Election of Deputy Speakers in the Commons

8.30Standing Order No 2A provides for the election of the three Deputy Speakers at the start of each Parliament by secret ballot.1 Nominations, to be submitted between 10 am and 5 pm the day before the election, require the support of between six and ten Members and the candidate's declaration that they are willing to stand.2 No Member may sign more than three nominations. In a ballot to be held between 11 am and 12 noon, Members number the candidates in order of preference and the votes are counted under the single transferable vote system, with the constraints that two Deputy Speakers (the Chairman of Ways and Means and the Second Deputy Chairman) should come from the opposite side of the House to that from which the Speaker was drawn, that the First Deputy Chairman should come from the same side of the House as that from which the Speaker was drawn, and that among the Speaker and three Deputies there should be at least one man and one woman. The Standing Order gives the Speaker power to vary timings and to give final directions on any matter of doubt arising from the conduct of a ballot or from an individual ballot paper.3

The first election was held on 8 June 2010, and the Speaker announced that those elected would take office the following day.4

Pending the election of Deputy Speakers, orders have been made at the start of each Parliament since 2010 allowing temporary Deputy Speakers to be appointed. In each case two were duly nominated by the Speaker.5

Footnotes

  1. Standing Order No 2A was passed by the House in March 2010 following a statement by the Speaker and reports by the Procedure Committee, see HC Deb (2 July 2009) 495, c 496; HC 1080 (2008–09); HC 341 (2009–10); CJ (2009–10) 294.
  2. Candidates were permitted to include a statement of up to 500 words; the Procedure Committee had recommended that this should be in the form of a curriculum vitae rather than a personal manifesto: HC 341 (2009–10) paras 48, 57, 58.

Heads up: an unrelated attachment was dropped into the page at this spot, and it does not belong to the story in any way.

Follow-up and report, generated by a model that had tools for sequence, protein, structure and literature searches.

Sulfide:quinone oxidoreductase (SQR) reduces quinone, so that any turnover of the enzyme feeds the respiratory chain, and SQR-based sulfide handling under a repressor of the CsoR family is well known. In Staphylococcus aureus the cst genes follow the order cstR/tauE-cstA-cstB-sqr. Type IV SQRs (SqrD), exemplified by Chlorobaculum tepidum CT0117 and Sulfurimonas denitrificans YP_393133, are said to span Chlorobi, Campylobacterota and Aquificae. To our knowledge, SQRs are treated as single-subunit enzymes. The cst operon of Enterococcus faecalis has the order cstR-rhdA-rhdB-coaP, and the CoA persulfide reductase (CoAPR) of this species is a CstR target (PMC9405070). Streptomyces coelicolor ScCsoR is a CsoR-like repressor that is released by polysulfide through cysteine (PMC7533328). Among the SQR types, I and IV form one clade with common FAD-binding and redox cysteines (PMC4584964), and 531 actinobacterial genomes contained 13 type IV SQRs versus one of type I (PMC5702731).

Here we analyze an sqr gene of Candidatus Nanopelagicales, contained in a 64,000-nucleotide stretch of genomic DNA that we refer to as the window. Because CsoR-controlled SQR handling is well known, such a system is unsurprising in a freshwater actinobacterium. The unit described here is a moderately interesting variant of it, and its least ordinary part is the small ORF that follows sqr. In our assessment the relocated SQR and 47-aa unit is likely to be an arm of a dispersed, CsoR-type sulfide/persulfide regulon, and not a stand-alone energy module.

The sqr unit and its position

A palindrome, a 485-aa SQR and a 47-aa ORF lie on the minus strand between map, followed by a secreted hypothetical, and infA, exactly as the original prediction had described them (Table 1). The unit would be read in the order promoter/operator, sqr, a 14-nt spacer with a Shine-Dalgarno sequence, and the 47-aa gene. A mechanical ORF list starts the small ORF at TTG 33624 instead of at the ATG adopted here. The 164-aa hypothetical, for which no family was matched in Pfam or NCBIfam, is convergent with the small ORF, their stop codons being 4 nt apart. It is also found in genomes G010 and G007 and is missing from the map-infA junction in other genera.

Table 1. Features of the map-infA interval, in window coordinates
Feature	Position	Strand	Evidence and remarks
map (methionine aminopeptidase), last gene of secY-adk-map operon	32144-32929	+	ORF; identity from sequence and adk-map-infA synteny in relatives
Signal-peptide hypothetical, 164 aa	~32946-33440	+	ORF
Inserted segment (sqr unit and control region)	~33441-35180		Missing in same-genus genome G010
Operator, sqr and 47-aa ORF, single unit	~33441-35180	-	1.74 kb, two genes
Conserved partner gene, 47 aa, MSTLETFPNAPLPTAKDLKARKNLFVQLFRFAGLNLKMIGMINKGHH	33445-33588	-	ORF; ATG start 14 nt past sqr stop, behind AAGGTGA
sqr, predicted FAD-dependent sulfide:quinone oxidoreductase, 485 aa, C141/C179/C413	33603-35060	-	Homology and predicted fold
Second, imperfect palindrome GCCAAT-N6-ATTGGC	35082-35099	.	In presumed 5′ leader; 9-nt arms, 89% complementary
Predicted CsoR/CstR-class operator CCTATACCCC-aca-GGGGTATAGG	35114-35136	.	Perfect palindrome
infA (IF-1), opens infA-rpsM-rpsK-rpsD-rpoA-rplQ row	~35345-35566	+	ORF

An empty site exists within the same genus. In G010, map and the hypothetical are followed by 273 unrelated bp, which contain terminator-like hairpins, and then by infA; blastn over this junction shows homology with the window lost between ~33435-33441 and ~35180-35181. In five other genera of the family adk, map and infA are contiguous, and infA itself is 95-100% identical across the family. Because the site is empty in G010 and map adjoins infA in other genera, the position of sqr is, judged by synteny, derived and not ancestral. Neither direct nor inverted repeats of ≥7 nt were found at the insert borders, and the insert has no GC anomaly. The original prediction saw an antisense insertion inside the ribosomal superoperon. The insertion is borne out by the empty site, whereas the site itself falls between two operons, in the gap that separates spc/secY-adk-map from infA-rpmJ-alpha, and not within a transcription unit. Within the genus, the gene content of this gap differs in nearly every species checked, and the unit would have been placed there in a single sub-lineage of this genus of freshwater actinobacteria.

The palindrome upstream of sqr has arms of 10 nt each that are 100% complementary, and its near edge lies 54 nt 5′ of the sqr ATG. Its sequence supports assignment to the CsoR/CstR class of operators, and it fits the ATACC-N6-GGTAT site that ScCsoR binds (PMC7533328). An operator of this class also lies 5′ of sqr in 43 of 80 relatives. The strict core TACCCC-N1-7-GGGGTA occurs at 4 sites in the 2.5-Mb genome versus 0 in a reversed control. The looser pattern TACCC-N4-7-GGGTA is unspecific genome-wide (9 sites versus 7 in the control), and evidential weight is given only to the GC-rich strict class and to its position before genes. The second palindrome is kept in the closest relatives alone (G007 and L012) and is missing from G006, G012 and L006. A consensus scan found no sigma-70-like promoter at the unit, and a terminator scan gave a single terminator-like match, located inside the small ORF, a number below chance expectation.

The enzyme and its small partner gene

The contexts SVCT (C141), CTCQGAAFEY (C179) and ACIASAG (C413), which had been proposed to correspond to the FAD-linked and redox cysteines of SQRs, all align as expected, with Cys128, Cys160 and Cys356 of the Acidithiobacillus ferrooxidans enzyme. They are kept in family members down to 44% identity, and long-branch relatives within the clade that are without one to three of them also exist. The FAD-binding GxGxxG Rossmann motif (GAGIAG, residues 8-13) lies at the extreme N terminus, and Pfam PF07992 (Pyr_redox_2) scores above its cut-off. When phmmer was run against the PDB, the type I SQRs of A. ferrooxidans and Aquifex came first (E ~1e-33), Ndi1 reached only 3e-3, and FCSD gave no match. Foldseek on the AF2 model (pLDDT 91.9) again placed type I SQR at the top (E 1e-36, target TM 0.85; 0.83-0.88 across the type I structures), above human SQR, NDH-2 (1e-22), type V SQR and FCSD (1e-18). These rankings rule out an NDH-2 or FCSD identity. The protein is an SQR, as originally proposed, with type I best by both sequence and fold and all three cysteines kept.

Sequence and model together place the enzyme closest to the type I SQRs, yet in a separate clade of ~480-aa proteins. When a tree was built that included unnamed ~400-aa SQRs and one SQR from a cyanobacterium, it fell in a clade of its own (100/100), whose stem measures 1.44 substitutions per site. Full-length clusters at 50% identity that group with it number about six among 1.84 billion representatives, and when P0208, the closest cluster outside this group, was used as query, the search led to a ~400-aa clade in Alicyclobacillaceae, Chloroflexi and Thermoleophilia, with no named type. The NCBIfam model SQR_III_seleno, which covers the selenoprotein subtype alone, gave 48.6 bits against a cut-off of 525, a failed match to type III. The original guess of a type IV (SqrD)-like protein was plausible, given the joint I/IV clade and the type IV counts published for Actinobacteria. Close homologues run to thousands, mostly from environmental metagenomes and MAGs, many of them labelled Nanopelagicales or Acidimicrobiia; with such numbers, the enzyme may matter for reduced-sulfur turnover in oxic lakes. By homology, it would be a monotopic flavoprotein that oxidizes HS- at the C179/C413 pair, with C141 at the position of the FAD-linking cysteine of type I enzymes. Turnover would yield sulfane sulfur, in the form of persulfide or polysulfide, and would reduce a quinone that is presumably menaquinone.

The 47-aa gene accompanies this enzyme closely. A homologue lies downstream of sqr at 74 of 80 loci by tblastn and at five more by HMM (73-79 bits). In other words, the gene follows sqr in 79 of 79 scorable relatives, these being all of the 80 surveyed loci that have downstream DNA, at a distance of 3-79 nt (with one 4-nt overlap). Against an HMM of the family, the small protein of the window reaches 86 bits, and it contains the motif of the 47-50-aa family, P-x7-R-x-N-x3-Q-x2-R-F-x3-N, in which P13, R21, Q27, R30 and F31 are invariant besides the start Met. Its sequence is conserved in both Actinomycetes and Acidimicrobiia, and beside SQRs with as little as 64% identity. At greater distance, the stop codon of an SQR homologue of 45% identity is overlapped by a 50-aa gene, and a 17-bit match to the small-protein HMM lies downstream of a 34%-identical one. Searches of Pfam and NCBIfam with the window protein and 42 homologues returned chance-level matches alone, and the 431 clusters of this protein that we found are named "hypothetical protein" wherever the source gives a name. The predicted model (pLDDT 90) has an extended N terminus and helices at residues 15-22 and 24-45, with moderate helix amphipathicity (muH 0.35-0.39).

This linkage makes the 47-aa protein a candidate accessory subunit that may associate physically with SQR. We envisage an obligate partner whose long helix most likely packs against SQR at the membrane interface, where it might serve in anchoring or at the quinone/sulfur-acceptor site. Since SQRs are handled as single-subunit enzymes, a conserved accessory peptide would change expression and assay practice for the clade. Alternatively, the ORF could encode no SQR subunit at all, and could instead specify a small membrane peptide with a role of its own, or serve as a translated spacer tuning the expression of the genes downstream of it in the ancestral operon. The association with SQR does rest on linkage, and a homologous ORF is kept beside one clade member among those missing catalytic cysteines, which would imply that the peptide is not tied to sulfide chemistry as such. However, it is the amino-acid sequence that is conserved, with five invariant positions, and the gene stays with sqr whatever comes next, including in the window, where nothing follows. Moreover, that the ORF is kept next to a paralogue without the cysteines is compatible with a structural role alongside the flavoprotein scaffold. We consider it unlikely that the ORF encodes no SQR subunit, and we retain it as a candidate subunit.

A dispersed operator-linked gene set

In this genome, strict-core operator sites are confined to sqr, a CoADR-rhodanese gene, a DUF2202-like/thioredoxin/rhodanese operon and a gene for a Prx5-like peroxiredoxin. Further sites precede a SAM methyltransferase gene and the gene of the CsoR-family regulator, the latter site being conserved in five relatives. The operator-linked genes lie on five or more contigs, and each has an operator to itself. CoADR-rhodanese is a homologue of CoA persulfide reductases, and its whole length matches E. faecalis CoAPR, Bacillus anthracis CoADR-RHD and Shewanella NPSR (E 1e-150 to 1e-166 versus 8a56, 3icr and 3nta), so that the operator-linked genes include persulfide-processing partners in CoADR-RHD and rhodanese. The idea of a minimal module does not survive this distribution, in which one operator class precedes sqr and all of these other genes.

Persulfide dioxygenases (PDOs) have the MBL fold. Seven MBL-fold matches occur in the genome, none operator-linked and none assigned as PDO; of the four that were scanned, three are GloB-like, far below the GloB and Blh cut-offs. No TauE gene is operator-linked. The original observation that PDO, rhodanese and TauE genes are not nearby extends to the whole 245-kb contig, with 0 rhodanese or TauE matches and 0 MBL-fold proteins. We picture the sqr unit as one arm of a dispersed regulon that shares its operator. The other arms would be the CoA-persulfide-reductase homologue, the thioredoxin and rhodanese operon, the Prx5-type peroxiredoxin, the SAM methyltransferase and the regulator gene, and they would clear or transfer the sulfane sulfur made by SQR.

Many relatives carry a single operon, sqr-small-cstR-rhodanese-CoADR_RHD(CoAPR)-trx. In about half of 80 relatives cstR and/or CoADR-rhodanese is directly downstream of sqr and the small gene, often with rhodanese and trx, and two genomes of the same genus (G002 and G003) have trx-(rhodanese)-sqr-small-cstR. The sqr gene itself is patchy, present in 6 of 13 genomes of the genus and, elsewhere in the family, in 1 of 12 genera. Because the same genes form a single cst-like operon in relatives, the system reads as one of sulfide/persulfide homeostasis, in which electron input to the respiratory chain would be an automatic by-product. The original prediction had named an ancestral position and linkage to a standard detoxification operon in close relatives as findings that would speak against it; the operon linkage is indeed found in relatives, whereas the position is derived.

3. In 2017, the Speaker announced that, in a case where there was only one Deputy Speaker candidate from the Government benches, and more than two candidates from the Opposition Benches, then the candidate from the Government side would not be included on the ballot paper and would instead be declared elected as First Deputy Chairman of Ways and Means, as in the case of Select Committee Chair elections where there is an unopposed candidate: HC Deb (27 June 2017) 626, c 300. In that case the Member elected as First Deputy Chairman of Ways and Means was a woman, ensuring that the gender requirement in the Standing Order was met.
  4. HC Deb (8 June 2010) 511, c 182; the Speaker used the powers in the Standing Order to lengthen the voting time to two hours, from 10 am to 12 noon, HC Deb (27 May 2010) 510, c 302.
  5. Votes and Proceedings, 26 March and 21 June 2015, 25 May 2017. In 2015, the motion to permit the nomination of temporary Speakers was agreed at the end of the session preceding the General Election. In 2017, the motion was moved without notice, HC Deb (21 June 2017) 626, c 33. Prior to the election of Deputy Speakers in 2010 it was customary for the House to appoint the Chairman of Ways and Means and Deputies by motion, without notice.